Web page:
Cognitive complaint in early Parkinson's disease: A pilot study

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Parkinson's disease (PD) is a neurodegenerative disorder mainly characterized by motor symptoms. There is yet a growing interest in non‐motor symptoms, especially in cognitive decline. Besides the dementia, which is a frequent and distressing complication in PD, mild cognitive impairment (MCI) due to PD has received increased attention in recent years, including the formulation of new diagnostic criteria.1 Although not all MCIs progress to dementia, the construct of MCI implies that there is a continuum from normal cognition to dementia with MCI representing a prodromal state of cognitive decline in PD.2
Among the diagnostic criteria for MCI due to PD, subjective cognitive complaint (SCC) reported either by the patient or the informant is required. SCC may represent the earliest stage of cognitive decline and be a risk factor for developing MCI or dementia. Prevalence of SCC in non‐demented PD patients is estimated between 5.0% and 58.7%.4 One problem is that different methods were used to evaluate SCC in these studies, as there are few validated diagnostic tool for assessing SCC in PD. From what we know, just one scale has proven good internal consistency and reliability.10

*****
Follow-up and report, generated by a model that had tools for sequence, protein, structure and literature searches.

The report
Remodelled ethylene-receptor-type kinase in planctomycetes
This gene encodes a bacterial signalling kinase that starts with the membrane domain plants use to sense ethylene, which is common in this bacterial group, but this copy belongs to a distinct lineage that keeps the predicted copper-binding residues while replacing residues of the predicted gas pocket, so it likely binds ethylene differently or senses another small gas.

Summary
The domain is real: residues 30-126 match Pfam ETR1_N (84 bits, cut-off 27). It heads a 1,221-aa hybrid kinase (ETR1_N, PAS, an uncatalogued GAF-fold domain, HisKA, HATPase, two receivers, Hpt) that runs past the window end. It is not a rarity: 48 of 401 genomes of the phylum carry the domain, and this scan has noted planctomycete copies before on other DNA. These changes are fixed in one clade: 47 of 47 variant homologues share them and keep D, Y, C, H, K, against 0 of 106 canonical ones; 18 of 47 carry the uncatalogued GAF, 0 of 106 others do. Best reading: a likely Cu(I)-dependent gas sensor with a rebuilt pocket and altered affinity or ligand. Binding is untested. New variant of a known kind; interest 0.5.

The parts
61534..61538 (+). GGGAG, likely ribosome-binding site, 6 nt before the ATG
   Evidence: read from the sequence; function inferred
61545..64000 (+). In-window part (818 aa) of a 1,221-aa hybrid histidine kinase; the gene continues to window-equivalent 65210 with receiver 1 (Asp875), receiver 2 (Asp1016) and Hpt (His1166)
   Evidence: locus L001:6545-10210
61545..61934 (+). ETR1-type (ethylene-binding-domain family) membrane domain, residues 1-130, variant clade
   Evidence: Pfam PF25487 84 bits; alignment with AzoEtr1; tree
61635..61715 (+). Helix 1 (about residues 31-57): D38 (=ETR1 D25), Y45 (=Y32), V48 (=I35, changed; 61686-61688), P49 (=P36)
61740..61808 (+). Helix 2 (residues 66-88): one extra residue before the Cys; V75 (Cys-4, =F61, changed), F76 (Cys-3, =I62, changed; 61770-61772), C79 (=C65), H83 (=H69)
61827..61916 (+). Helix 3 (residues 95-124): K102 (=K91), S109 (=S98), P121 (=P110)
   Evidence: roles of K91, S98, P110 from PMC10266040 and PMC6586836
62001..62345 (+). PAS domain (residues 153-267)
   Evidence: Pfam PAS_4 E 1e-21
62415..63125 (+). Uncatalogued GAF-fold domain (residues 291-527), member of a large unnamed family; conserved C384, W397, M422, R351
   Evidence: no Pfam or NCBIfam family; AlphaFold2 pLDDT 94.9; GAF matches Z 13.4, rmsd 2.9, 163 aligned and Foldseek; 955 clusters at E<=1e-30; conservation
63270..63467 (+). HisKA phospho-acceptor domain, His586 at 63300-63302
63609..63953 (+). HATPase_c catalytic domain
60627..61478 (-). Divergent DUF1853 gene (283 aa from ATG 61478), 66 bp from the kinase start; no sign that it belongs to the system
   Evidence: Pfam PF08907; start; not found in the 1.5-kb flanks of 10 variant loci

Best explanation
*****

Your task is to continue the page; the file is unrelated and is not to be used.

In addition, most of these studies asked patients about subjective memory complaints only. Whereas a range of cognitive domains is impaired in MCI due to PD, such as attention, executive, visuospatial, memory, and language abilities, the latter being usually less affected.11 Therefore, SCC in PD requires assessing all these domains.1
The aim of this study was to develop a measure specifically designed to identify SCC in patients with PD. The aims of this study were (i) to describe the development of the SCC measure, (ii) to assess SCC in early patients with PD using this SCC measure vs age‐matched controls, and (iii) to investigate its reproducibility and its relationship with performances in neuropsychological testing.
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